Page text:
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This website run by the National Council of English is their membership site.
The National Council of English Teachers is an important organization “devoted to improving the teaching and learning of English and the language art at all levels of education.” Here is there Mission Statement as it is displayed on the site: “The Council promotes the development of literacy, the use of language to construct personal and public worlds and to achieve full participation in society, through the learning and teaching of English and the related arts and sciences of language.” This mission is certainly all encompassing, and without a doubt, encouraging the field of Teaching English as a Second or a Foreign Language would fall under their goals, but this is certainly not a main focus of the organization. It’s important to keep this in mind when visiting the site; it’s not intended for ESL or EFL. That said, some of the content on the website may be of use to teachers of English domestically or abroad, but others may want to take a pass.
Here’s what the site has to say about English Language Learners in particular.
“NCTE recognizes bilingual and bicultural education as basic components of the ELA field. Teachers of English in bilingual settings should have professional preparation, if not certification, in the field. NCTE encourages teachers of English to cooperate with colleagues in bilingual education programs. It encourages teachers with only a few non-English-speaking students to become familiar with bilingual education aims and methods and to draw upon ESL literature for help in meeting the needs of those students. NCTE assumes the responsibility, on both the national and the affiliate levels, of working with other organizations involved with bilingual education and especially with teaching English to speakers of other languages.”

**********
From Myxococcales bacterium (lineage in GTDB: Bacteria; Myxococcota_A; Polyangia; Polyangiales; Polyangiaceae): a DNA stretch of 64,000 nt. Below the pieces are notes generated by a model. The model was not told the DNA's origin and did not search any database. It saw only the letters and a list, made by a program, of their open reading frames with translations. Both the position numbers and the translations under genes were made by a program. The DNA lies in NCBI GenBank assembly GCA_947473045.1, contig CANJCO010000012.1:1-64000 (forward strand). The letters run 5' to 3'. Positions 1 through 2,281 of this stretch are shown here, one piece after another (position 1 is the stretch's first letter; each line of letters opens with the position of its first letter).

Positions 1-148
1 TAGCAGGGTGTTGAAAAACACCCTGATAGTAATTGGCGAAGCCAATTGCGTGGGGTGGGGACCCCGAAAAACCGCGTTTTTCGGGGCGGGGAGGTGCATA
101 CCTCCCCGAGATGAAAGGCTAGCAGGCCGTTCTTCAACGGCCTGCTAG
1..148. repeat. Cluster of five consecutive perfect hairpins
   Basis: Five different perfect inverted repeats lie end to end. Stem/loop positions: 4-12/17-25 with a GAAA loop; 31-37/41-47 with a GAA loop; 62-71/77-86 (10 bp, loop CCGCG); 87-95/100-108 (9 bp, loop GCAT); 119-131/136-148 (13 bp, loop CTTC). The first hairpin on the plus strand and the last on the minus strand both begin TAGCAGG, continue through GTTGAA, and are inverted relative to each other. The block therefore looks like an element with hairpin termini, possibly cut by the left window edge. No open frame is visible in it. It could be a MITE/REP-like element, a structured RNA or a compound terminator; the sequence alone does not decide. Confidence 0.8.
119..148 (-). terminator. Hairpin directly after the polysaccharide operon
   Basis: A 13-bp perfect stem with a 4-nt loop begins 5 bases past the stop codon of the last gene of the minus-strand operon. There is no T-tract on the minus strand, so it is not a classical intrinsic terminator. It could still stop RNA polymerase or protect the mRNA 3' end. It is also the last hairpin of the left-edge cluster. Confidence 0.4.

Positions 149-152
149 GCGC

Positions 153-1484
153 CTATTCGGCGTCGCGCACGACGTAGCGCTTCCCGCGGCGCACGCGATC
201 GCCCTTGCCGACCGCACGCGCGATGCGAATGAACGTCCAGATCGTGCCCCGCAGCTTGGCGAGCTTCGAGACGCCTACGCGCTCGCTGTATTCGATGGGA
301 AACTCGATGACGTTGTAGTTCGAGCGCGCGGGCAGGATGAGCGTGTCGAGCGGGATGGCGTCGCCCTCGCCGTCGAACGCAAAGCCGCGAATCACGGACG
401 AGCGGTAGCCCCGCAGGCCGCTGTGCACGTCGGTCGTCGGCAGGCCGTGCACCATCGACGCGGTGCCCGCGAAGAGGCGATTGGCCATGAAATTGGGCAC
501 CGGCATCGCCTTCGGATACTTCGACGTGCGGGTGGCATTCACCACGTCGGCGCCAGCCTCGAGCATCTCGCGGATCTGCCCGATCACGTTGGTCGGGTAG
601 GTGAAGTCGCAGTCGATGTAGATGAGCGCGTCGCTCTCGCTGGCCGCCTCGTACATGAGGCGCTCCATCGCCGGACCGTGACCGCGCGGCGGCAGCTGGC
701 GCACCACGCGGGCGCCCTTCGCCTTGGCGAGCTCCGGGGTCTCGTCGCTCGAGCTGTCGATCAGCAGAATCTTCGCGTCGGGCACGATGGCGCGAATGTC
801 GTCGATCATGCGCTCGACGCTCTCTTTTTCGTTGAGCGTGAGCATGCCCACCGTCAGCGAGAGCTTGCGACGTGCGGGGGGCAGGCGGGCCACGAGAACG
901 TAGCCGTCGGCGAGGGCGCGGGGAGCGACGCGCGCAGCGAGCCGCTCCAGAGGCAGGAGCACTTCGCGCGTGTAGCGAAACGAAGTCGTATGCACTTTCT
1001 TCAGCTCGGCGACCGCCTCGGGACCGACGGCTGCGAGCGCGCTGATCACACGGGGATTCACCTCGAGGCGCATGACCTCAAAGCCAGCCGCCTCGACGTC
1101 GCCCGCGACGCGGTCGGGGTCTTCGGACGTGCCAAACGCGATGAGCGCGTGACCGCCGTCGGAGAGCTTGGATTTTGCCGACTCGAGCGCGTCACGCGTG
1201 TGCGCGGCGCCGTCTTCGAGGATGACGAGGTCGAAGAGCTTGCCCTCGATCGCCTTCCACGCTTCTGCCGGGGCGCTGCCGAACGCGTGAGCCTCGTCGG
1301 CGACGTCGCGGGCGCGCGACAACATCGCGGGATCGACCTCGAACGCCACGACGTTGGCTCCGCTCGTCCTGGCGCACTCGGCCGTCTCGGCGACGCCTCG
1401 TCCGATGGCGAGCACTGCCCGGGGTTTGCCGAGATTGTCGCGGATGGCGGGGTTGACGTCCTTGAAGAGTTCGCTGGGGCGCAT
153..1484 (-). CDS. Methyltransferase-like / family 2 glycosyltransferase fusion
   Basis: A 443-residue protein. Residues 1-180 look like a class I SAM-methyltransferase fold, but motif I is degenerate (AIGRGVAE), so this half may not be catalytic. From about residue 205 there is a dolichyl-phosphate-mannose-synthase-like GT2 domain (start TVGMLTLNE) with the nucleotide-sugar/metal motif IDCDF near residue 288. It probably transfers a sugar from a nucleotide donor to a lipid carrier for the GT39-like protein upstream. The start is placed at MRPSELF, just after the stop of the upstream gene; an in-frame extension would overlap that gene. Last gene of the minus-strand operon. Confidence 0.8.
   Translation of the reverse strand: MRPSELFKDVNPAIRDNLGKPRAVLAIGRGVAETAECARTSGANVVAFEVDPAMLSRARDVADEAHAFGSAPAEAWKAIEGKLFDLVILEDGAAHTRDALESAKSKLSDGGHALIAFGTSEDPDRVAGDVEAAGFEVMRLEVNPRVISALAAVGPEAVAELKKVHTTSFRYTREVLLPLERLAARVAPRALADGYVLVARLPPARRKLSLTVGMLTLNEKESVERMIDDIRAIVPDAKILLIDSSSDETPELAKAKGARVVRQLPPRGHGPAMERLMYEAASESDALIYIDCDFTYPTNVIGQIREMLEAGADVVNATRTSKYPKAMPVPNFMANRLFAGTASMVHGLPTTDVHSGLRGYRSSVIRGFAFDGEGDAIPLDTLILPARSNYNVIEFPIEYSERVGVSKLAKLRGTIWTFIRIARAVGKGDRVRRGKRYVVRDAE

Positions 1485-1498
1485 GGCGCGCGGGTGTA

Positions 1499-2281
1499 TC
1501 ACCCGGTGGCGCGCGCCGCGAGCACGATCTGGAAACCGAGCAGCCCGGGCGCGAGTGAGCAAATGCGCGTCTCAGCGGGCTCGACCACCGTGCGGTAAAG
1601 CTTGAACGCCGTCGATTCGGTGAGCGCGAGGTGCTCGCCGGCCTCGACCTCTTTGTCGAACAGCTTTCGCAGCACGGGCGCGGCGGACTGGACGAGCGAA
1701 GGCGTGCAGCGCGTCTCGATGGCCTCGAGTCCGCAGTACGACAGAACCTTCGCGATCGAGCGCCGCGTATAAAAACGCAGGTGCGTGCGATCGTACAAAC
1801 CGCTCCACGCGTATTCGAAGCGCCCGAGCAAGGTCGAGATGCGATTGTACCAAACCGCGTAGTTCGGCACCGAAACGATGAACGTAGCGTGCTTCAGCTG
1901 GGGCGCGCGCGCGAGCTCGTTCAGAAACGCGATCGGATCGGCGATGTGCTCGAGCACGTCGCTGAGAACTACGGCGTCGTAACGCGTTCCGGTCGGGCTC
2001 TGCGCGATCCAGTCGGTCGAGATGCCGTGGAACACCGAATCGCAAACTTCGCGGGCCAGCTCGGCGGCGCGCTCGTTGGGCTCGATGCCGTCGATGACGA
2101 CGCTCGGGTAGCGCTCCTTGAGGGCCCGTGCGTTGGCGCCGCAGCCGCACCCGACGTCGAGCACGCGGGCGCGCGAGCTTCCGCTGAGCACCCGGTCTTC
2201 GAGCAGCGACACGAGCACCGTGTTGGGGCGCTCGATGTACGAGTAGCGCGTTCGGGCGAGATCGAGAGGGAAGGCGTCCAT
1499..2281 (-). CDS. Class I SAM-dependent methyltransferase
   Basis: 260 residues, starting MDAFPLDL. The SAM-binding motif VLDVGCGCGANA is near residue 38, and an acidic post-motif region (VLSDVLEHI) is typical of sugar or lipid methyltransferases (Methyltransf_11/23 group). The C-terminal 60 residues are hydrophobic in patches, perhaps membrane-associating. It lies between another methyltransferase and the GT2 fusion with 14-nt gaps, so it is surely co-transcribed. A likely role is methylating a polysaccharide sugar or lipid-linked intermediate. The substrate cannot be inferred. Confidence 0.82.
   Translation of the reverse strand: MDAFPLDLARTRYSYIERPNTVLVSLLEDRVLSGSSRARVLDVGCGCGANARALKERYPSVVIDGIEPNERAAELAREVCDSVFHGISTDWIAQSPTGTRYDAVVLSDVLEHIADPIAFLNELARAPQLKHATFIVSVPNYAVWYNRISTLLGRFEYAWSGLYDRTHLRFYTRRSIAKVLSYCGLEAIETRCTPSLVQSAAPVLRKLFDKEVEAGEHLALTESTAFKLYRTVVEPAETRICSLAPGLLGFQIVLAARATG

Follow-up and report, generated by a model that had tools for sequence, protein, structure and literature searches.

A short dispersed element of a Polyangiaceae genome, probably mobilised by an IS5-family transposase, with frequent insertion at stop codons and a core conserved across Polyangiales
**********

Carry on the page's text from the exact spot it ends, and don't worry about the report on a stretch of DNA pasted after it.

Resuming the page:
NCTE has a number of initiatives in place specifically for teaching ELL’s. Most of these seem to be tailored towards those working with ELL’s in the American K-12 Public school system.
The Pathways Program is “an online professional development opportunity for teachers, coaches, and administrators.” It is intended to aid in the development of understanding and skills necessary for working with English Language Learners. “Essential questions, video clips, related readings and tools for classroom application” are available to help professionals navigate their work with English Language Learners.
Web Seminars are offered in a number of areas, one of which is specifically working with ELL’s. These are professional development opportunities that focus on practical suggestions for teachers who are focused on student-centered teaching to incorporate appropriate methodology into their classrooms. Content does address the Common Core State Standards, so again, this is a resource intended for U.S. K-12 teachers. Webinars can be viewed live, and archives are available for a fee.
Content on the site is divided into the following categories: Elementary, Middle, Secondary, and College. There’s something for instructors at all levels.